Wednesday, May 23, 2012
Kerala, Violence, Piracy and the past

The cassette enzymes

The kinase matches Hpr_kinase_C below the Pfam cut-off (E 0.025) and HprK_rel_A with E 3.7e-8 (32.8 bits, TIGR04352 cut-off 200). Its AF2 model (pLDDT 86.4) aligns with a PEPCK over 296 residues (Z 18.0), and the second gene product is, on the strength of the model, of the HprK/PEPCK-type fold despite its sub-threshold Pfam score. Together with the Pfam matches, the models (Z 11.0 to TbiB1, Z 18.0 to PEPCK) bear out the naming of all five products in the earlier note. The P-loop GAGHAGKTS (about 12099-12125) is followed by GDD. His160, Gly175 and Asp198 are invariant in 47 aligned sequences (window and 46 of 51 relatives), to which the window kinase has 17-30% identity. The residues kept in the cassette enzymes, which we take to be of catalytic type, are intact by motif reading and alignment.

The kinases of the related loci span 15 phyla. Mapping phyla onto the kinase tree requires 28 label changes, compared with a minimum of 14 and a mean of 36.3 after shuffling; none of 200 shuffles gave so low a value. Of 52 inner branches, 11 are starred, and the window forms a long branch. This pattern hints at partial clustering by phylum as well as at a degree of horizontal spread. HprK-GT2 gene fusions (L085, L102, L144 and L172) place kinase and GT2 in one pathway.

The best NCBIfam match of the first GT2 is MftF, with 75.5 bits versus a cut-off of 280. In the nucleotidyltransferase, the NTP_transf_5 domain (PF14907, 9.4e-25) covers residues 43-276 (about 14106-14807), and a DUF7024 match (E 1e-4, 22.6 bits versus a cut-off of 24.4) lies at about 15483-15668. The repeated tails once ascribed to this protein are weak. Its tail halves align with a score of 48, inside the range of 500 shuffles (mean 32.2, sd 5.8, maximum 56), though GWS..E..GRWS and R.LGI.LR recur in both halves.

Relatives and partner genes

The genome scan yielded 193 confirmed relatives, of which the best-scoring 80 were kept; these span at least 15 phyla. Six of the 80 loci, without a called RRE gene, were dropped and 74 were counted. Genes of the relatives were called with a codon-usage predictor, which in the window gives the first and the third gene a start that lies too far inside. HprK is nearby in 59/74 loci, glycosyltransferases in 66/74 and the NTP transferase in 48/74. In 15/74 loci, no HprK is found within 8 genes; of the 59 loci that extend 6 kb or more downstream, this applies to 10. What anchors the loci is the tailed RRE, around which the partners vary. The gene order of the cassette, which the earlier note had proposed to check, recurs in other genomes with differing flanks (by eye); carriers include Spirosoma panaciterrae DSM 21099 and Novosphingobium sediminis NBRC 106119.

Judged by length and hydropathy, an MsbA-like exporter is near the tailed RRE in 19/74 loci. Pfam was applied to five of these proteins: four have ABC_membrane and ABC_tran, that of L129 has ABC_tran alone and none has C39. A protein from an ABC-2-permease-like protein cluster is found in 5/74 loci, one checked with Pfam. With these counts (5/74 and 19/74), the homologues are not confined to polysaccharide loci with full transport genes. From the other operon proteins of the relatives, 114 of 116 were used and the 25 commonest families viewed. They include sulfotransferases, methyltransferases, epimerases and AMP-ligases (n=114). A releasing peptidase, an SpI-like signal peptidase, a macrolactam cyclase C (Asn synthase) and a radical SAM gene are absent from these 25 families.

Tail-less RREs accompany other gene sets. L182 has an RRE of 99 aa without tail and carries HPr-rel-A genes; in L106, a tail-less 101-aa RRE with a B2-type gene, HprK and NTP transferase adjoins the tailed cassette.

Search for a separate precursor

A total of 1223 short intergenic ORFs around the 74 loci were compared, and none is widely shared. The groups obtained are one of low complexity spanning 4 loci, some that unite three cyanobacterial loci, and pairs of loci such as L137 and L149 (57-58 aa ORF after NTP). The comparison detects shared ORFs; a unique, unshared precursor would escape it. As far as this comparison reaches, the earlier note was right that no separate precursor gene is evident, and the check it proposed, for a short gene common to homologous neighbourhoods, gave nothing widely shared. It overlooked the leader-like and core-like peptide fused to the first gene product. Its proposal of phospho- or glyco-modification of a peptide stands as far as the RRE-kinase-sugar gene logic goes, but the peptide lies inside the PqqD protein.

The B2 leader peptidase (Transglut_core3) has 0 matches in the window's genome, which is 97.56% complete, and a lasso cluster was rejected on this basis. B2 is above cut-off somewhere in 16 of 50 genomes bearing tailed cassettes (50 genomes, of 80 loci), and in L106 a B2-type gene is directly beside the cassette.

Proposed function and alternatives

A look at the world of politics, statecraft, diplomacy and books The killing of two fishermen by Italian marines on the High Seas has led to a diplomatic row between India and Italy. In spite of the Congress dominated UPA Government giving contradictory evidence, the judicial process is still on track. The recent killing of T P Chandrasekaran has brought home to large sections of the Indian public that God's Own Country is rife with violence and Kerala with the highest rate o9f suicide and literacy must reflect on its own past to understand the reality it faces. The so called Communist faction dominated politics has given the state a thin veneer of sophistication which is wearing thin every passing day. Kerala historians eager to please their party bosses create a history which ignores the reality of Kerala's past. Thus the very questioning of the senseless acts of violence indulged by the Mappillas of Malabar during their frequent outrages will be branded by the so called progressive historians of Kerala as a reactionary/communal interpretation. Indian historiography is still stuck in the prehistory or Jurassic park of polemic and abuse rather than seasoned discourse. I think al_beruni was absolutely right when he said that Indians do not have a sense of history. The killing of the two fishermen ought to provide a moment of reflection: Is the Malabar Coast piracy prone and what reputation does the coast of Malabar enjoy in existing historical sources. The Malabar region and the seas adjoining Calicut have the reputation of being the most pirate infested through out history. K N Panikkar and other Pannikkars following him do not want to admit that piracy was an important aspect of the Malabar economy through out history. Since Kerala did not have a highly developed Governmental institutions we can say that piracy operated in tandem with landed and merchant groups especially during the late medieval period when the price of pepper rose in the international market. Some even glirify piracy as resistance to the Portuguese naval power. During the so-called "Sangam Age" which is only a literary culture, Kerala is said to have had extensive trade with the rst of the world, particularly the Roman world. The Roman Empire had extended upto Egypt and Alexandria became an entrepot for Indian exports. Pliny the Elder whose statement about the gold being drained by India because of Roman thirst for luxuries from mthe Orient is known to every school boy, also lamented that Malabar was full of pirates. The records from the Cairo Geniza, the Jewish depository for paper containing the name of Jaw eh, has a document that record the plight of a Jewish trader who was robbed twice on the way to India and back. Both times he blames the pirates of Malabar. Marco Polo very eloquently records the presence of pirates in Malabar and cautions people from going there. From Maghreb, we have the famous Ibn Battuta who said that Malbari pirates were rife in the coastal region of Calicult where he landed. Ibn Battuta was attacked by 12 warships and the envoy to Vijayanagara from Moscovy, Nikitin also compalined of pirates in the seas around Calicut and Kochi. From the Portuguese period onwards we get the chronicles of Barbossa and Tompires which speak of pirates harassing the Portuguese shipping. Of course by this time Portugal had acquired virtual stranglehold on the pepper trade and the Mappilla traders were reduced in economic status as a consequence. It is in this set of changed circumstances that the statecraft of Zainuddin al Malbari must be viewed. He wanted a grand alliance of all India kings against Portugal. Instead of fabricating progressive history it would be far better if historians of kerala start looking at Piracy as a factor that shaped the social and economic life of people of Malabar.